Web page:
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By Bjørn Stærk
OSLO— On a summer day in 2011, a car filled with a 2,000-pound fertilizer bomb exploded outside a government building in Oslo. The bomb was well placed, but badly timed. Many employees were on vacation. Others had left for the day. Labor Party Prime Minister Jens Stoltenberg, whose office was in the building, was out. Only eight were killed—relatively few for a bomb of that size.
Scandinavia is an oddly desirable target for Islamic terrorists. In 2005, the Danish newspaper Jyllandsposten published caricatures of the Prophet Muhammad as an exercise in free speech. A Norwegian newspaper reprinted the drawings. Muslims felt hurt; some were outraged. Danish firebrand imams traveled the Middle East, drumming up anger and hate. Scandinavian embassies were raided and burned. Soon, anyone associated with the caricatures lived in fear of their lives. One cartoonist was attacked in his home by a Somali man with an axe. Irish police uncovered an assassination plot against another artist, planned by Yemeni and Moroccan refugees. In 2010 alone, police prevented two separate terrorist attacks against Jyllandsposten. An Al Qaeda-trained Norwegian of Uyghur origin wanted to bomb its office. Another group planned a Mumbai-style massacre.
Several “cartoon” attacks came close to succeeding. Just seven months before the Oslo bomb, a Swedish citizen, the son of Iraqi refugees, blew himself up in central Stockholm. He was near a busy shopping street, but killed only himself. In an email sent shortly before the attack, he blamed the war in Afghanistan—and the cartoons.
Now, in the hours after the Oslo bomb, it seemed that an Islamist had finally carried out his first successful attack. Norwegians were visibly shaken. The mood among Muslims was equally bleak. They, too, thought the culprit must be Muslim, and were steel ing themselves for the follow-up—suspicion, scrutiny, endless calls for condemnation, and the violence that would likely follow.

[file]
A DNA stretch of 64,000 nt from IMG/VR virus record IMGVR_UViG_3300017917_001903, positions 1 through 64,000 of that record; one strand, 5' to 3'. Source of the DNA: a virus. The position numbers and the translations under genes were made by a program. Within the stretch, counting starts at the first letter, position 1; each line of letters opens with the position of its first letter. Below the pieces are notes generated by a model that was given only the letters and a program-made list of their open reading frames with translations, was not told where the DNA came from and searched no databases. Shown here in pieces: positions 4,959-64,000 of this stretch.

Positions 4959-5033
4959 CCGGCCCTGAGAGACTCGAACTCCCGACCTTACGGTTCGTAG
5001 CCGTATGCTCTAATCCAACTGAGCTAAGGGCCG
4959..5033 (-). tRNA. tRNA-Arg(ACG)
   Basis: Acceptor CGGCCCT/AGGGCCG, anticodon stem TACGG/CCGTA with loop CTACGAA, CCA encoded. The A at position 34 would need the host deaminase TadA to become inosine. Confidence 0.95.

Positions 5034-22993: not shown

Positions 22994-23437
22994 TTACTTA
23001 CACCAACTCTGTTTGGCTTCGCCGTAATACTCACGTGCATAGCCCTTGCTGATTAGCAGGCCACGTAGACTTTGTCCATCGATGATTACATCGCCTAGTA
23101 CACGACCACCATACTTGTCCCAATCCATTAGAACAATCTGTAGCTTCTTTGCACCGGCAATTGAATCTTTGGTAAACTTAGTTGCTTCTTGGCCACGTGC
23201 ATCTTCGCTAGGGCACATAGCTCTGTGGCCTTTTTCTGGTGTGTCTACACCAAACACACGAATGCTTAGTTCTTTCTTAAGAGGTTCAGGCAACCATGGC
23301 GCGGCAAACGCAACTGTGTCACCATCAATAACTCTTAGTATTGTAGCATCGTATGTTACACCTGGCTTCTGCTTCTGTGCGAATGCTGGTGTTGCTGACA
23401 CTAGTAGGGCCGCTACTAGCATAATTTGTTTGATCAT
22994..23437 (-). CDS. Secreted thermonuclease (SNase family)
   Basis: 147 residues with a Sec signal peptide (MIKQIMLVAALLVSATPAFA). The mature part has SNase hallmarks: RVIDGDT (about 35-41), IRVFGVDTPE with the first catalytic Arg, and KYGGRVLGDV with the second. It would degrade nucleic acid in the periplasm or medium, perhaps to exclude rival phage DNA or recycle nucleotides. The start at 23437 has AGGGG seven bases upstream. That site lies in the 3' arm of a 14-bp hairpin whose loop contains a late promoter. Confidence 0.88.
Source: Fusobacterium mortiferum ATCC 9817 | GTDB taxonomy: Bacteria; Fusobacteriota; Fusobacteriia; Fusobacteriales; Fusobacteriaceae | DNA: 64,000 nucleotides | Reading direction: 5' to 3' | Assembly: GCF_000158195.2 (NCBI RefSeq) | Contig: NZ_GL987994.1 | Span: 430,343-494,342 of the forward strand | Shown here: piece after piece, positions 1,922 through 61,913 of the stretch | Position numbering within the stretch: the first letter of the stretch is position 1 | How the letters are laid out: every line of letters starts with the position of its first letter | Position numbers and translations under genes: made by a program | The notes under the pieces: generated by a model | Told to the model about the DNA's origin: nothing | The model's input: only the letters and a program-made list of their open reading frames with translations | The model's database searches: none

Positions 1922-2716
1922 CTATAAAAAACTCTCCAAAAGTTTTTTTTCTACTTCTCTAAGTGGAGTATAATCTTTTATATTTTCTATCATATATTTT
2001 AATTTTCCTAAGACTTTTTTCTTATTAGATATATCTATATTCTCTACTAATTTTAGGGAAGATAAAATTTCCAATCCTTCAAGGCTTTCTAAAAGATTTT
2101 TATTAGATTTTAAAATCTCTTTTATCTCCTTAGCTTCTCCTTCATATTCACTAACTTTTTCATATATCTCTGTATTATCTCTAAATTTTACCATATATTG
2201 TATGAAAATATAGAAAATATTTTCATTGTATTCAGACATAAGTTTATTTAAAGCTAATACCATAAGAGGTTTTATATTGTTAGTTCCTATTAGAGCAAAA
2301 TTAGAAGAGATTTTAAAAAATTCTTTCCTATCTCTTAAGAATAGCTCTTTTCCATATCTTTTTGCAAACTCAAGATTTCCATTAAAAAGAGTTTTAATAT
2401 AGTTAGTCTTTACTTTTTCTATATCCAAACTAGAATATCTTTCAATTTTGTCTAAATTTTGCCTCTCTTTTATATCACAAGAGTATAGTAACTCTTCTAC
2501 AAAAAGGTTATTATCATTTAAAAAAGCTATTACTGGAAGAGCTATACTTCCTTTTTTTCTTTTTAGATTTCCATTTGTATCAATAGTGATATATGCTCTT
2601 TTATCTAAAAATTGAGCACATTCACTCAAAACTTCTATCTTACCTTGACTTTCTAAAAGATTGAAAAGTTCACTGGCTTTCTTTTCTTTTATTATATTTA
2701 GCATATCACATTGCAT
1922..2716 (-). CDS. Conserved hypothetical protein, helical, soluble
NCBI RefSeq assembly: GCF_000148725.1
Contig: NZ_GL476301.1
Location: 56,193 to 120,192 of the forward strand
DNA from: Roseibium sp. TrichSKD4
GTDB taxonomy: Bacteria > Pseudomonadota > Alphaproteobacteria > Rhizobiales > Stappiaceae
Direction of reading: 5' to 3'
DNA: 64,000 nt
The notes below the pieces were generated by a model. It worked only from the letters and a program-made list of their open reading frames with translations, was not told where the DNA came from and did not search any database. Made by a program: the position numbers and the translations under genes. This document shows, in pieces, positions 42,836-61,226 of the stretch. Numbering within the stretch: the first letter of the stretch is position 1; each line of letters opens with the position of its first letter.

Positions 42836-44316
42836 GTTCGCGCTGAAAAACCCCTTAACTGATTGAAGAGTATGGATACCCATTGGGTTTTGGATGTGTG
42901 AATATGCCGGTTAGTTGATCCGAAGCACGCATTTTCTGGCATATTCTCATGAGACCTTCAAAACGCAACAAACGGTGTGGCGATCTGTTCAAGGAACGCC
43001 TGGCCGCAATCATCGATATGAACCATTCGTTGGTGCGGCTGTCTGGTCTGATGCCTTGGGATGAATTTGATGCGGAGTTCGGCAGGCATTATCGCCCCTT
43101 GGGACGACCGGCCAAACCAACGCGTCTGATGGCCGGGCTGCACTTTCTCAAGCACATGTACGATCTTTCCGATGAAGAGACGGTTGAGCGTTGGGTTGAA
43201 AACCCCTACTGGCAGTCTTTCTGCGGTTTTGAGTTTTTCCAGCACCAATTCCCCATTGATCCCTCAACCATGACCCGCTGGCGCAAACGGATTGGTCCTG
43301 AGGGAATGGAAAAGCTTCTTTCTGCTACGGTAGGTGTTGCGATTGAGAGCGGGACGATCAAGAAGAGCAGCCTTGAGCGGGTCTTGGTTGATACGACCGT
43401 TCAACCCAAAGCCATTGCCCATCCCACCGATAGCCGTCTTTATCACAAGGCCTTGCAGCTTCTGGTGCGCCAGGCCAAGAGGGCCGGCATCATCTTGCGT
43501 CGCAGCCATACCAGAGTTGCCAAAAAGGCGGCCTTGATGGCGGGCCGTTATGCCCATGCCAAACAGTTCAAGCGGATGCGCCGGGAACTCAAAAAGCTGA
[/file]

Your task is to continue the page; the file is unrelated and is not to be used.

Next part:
CRACKS IN THE FACADE
Shabana Rehman, a comedian and journalist, and the daughter of Pakistani immigrants, warned her dark-skinned nephew to stay indoors. He might be mistaken for a Muslim, she thought, and be lynched. There was little violence in Oslo that day, but many were harassed. People of African and Asian origin were stopped on the street and told to go back to their homelands. Passengers refused to board a bus because the driver was a bearded Arab. Groups of friends divided into natives and immigrants, each eyeing the other fearfully.
And so, cracks began to appear in Norway’s multiethnic facade. But the cracks had little time to spread. By this time, a man dressed in a police uniform had taken the ferry to Utøya, a tiny island near Oslo, where more than 500 teenagers and young adults were gathered for a Labor Party youth camp. He picked up a gun and began shooting. It took the real police a full hour to respond, and he spent every minute of it hunting down victims. Sixty-nine people died, few older than 21. As reports came in from teens hiding on the island, a new picture emerged—a shooter with blonde hair who spoke fluent Norwegian. He was white.
Anders Behring Breivik, 32, was not a radical Islamist, but its mirror opposite. He hated Islam, which he saw as an evil ideology on a par with Nazism. He targeted the Labor Party because they had allowed Muslims to immigrate to Norway. This made them traitors. In a manifesto, distributed on the day of the attack, Breivik expressed hope that the attack would trigger a civil war against Muslims and their “cultural Marxist” allies. Shockingly anti-Islamic views were a regular part of Norway’s online forums. Earlier, I had dismissed those who called for violence as harmless keyboard warriors. Now I read Breivik’s writings with a horrible sense of recognition. He had been a fan of a Norwegian blogger, Fjordman. Almost unknown in Norway before the attack, Fjordman had for years been a central writer in the international counterjihad movement.
Counterjihadists believe that Muslims and non-Muslims cannot coexist peacefully. They do not advocate violent attacks on Muslims, but believe that Muslim immigration will lead to violent conflict in the future. Breivik wanted to accelerate the process, using a terrorist ideology inspired by the German-based Rote Armee Fraktion—founded in the 1970s as the Baader-Meinhof Gang—and even Al Qaeda.
Suspicion of Islam is widespread in Norway. Many doubt that Muslims can adapt their religious values to the norms of a secular democracy. Some create conspiracy theories about treasonous politicians with pro-Muslim agendas. But as it happens, Breivik acted alone. There seems to be no “radical counterjihad” community yet in Norway that would promote more attacks like it. Norway’s radical Islamists are better organized and have access to international networks of extremists. Many are law-abiding at home, but go abroad to fight jihad after being indoctrinated by Norway’s radical Islamist community. Perhaps 40 Norwegian Muslims are fighting in the civil war in Syria. Many have been killed. As of this writing, the police suspect that a Norwegian citizen of Somali origin took part in the Westgate Mall terrorist attack in Kenya. And Westgate involved perhaps even more cruelty than the attack on Utøya. If the suspicions are true, Norway will have produced a second monster that equals Breivik. And few will be surprised.